The Housing of the Working Classes Act of 1890, passed largely because of pressure from the LCC, effectively allowed local authorities in London to build their own housing. It rationalized the existing housing and slum clearance legislation, making it much easier for local authorities to carry out clearance schemes, and, under certain circumstances, build dwellings with the dual purpose of rehousing and to increase the supply of working-class housing. Nevertheless, there were no state housing subsidies and local authority housing was not supposed to put a charge on the rates. (This latter point was another of the LCC's difficulties with the Cotton Street scheme.)
Following the 1890 Act, the LCC almost immediately began to build new tenement blocks in London to rehouse families displaced by clearance or improvement schemes. Those in Poplar parish were erected as a result of the construction of the Blackwall Tunnel, which necessitated both the rehousing of many people and the purchase of a considerable area of land for the tunnel, much of which was subsequently available for housing development (see page 632). Council Buildings, Yabsley Street (1893–4), Toronto and Montreal Buildings, Cotton Street (1899–1901), and Baffin, Hudson, Ontario, Ottawa, Quebec, and Winnipeg Buildings, Preston's Road (1902– 4), were all five-storey tenement blocks, only marginally less barrack-like in appearance than those built by the philanthropic societies, or even private speculators (Plate 123a, 123b). The accommodation was more generous, however, and the flats were self-contained, better equipped and had improved sanitary arrangements.
The standards demanded by the LCC made it reluctant to allow other agencies to carry out its rehousing obligations. For example, in 1896 the East End Dwellings Company agreed to purchase from the LCC the Ann Street site in Poplar (just outside the parish) and to submit plans for blocks to accommodate 180 people. The LCC would only approve them if the company gave an undertaking that the proposed single-room dwellings would be occupied solely by childless married couples, two girls, or two elderly people of the same sex. The company refused, withdrew its offer to purchase, and the LCC itself built on the site. (fn. 12) Similarly, also in 1896, James Hartnoll, who had built the nearby Grosvenor Buildings as a speculative venture, offered to buy the Cotton Street site and erect suitable dwellings for 250 people. Negotiations dragged on for two years, chiefly because one faction in the Council was eager to take up his offer, while another, which eventually prevailed, was determined to reject it. The opposition to Hartnoll was based on the (probably correct) assumption that he would put up buildings with accommodation as unsatisfactory as that in Grosvenor Buildings (see page 192). (fn. 13)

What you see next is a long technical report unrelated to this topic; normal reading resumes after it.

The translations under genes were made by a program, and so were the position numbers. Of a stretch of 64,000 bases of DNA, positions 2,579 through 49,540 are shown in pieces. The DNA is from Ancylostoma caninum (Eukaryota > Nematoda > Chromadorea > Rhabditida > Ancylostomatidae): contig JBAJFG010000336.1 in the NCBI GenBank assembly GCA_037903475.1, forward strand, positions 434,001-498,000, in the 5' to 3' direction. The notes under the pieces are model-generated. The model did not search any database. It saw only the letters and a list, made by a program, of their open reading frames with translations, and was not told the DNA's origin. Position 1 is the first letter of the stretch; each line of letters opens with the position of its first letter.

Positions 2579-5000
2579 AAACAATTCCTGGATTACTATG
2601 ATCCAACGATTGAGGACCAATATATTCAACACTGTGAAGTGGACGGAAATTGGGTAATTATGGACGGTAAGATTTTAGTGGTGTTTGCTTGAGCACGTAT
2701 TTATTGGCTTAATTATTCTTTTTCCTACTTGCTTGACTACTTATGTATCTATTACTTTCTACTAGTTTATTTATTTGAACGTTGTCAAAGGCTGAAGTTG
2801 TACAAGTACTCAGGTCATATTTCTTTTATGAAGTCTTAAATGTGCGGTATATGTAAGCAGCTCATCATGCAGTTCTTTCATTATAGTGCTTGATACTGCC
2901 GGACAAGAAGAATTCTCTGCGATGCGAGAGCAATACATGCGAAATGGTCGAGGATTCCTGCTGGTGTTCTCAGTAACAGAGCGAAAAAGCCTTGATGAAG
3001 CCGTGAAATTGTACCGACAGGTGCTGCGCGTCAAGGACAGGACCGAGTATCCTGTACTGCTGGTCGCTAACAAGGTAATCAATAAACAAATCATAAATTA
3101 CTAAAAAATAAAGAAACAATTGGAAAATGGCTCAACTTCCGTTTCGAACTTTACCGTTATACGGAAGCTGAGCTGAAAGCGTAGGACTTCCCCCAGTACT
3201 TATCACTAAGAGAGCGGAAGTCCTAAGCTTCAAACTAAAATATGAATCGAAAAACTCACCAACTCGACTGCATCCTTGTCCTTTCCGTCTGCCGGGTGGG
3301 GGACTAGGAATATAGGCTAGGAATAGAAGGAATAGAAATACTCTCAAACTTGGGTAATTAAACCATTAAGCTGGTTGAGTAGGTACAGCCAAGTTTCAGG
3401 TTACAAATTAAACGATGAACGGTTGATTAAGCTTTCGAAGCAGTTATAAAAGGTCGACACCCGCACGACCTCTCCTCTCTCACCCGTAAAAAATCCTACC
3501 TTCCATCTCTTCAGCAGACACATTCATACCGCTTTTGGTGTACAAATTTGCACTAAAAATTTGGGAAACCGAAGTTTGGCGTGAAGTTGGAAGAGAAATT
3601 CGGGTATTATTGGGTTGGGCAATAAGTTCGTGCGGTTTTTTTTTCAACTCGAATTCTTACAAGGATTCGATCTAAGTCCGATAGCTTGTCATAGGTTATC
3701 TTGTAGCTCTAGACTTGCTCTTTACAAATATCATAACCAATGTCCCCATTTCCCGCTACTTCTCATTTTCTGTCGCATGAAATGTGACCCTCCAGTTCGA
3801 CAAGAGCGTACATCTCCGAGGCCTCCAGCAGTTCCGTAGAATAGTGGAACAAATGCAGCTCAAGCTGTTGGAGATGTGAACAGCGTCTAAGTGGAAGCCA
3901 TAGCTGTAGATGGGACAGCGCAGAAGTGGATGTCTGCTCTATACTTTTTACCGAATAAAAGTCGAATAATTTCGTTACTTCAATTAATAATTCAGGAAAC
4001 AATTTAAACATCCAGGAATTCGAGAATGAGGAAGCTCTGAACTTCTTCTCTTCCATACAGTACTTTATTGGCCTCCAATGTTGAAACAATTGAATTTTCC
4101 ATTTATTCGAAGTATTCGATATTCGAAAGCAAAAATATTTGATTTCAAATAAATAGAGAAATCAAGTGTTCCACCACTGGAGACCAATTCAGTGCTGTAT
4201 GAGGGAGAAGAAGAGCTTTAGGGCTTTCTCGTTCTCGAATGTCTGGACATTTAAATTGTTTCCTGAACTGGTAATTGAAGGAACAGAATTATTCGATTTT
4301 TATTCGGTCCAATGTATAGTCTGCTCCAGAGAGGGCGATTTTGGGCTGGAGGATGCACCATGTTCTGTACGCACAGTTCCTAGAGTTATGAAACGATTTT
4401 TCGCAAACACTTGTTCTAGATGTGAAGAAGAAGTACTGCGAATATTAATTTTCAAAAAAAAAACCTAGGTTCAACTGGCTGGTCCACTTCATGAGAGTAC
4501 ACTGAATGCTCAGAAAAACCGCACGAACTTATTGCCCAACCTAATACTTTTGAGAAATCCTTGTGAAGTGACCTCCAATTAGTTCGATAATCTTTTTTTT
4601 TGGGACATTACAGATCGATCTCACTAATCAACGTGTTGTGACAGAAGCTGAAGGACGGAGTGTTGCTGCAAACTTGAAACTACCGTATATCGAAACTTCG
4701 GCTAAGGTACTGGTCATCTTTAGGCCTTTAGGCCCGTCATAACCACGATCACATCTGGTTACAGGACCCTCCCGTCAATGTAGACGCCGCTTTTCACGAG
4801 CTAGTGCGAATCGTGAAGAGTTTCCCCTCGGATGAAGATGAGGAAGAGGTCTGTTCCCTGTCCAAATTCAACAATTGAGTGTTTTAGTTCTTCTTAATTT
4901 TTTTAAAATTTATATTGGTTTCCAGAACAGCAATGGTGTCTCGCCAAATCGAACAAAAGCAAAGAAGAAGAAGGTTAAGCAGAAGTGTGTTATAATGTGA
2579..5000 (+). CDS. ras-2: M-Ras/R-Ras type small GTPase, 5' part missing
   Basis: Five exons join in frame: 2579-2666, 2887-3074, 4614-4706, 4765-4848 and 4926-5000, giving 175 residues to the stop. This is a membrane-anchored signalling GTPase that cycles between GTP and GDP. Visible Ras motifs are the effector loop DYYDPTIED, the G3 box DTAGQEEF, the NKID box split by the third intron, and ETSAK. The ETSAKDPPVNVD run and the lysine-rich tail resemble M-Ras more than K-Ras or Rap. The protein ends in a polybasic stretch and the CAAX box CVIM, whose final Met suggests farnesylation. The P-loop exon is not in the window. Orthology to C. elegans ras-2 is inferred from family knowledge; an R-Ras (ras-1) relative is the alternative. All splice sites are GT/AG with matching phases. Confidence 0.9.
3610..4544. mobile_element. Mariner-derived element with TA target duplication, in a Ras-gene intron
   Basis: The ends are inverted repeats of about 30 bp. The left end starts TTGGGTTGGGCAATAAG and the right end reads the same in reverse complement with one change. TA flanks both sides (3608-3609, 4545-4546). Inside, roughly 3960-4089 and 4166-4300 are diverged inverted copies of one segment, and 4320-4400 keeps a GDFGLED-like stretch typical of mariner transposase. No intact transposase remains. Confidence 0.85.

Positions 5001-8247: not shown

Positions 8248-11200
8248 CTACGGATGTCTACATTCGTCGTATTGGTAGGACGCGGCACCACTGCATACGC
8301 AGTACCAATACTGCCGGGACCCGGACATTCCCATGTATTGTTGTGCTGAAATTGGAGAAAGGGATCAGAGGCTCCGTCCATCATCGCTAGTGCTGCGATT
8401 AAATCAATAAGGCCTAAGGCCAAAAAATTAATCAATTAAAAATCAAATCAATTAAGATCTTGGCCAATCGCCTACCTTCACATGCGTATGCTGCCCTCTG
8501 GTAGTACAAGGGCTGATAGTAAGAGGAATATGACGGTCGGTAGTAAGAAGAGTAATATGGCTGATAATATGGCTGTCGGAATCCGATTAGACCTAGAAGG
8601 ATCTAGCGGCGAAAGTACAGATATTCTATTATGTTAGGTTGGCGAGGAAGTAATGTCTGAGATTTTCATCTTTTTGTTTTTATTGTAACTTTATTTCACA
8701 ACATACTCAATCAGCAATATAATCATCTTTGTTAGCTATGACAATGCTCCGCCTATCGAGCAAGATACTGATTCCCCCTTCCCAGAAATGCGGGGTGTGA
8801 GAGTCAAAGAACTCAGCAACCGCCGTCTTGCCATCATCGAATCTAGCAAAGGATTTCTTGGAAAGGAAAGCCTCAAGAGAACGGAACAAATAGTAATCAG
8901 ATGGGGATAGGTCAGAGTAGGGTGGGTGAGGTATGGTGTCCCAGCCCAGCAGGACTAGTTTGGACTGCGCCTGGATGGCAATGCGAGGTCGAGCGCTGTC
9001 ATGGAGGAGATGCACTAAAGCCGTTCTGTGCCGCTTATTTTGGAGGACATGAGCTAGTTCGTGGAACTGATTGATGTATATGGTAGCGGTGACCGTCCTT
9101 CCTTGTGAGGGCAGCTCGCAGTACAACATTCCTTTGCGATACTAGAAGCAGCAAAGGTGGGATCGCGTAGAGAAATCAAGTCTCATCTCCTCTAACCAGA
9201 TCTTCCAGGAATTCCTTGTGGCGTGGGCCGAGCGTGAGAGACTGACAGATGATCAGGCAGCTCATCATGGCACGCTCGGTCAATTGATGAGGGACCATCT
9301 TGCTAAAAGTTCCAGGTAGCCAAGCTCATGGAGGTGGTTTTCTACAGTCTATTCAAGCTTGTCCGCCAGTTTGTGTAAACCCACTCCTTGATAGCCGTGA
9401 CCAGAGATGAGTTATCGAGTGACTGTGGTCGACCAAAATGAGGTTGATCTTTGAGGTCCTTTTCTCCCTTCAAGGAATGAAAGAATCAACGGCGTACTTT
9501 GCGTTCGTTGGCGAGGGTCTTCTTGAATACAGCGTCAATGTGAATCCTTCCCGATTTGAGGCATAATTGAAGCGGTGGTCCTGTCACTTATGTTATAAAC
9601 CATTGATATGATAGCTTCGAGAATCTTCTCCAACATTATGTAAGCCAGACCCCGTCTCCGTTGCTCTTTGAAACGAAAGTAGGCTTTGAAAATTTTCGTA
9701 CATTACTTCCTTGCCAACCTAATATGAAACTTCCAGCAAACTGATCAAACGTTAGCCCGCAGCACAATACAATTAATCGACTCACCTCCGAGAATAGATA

Also included in the LCC's Preston's Road scheme were St Lawrence Cottages (1903–4), a terrace of 14 twostorey dwellings (see page 634) (Plate 123c). These were a portent of the County Council's housing policy in the immediate future, in response to a general reaction against tenement blocks, whoever might erect them. As James Ellis, the minister of the Cotton Street Baptist Chapel, wrote in about 1902, what was needed in Poplar was 'not more huge barrack-like piles of hideous red bricks devoid of lifts, but smaller buildings'. (fn. 14) In fact, the LCC was equally opposed to further block-dwellings and did not build any more at all from 1907 until after the end of the First World War. (fn. 15)
The LCC's solution was to build suburban cottage estates in the outer areas, where land was cheap and plentiful, and so it built no housing whatsoever in Poplar between 1904 and 1926. As a general policy, suburban estates may have offered the best answer to London's housing problem, but it was not particularly appropriate to an area like Poplar, and it caused at least one dispute between the County Council and Poplar Borough Council. In 1913 the LCC argued that a replacement housing scheme would not be necessary for houses to be demolished for extensions to two schools in the borough. (fn. 16) It did not want to build high tenement blocks and neither did it support further housing development in already congested areas like Poplar. In response, the Borough Council argued that additional housing was needed urgently within the borough because many of the local riverside workers and railwaymen had to live near their work and the houses provided by the LCC on suburban estates were not accessible from Poplar. The Local Government Board finally ruled that a housing scheme for 750 persons had to be provided in the neighbourhood of the East and West India Docks, but the LCC still refused to build in Poplar and, despite the Borough Council's protests, procured agreement for a rehousing scheme south of the river at Tunnel Avenue, East Greenwich. (fn. 17)
Poplar Borough Council was initially eager to build council dwellings, and in January 1901 decided to set up a Housing of the Working Classes Committee. (fn. 18) For nearly three years the Committee tried to devise a housing scheme for a site owned by the Council at the corner of Cottage Street and Poplar High Street. Finally, it had to admit defeat and abandon the project, having learnt, as it sadly acknowledged, that the provision of housing was 'a very difficult question'. (fn. 19) In 1904 the Committee was abolished, (fn. 20) and it was not until after the First World War that the Borough Council again considered the possibility of building its own houses. In the meantime it focused on the public health aspects of housing, such as the prevention of overcrowding and the closure or demolition of premises considered unfit for human habitation. (fn. 21) Thus, no public housing was erected in Poplar between 1904 and 1919.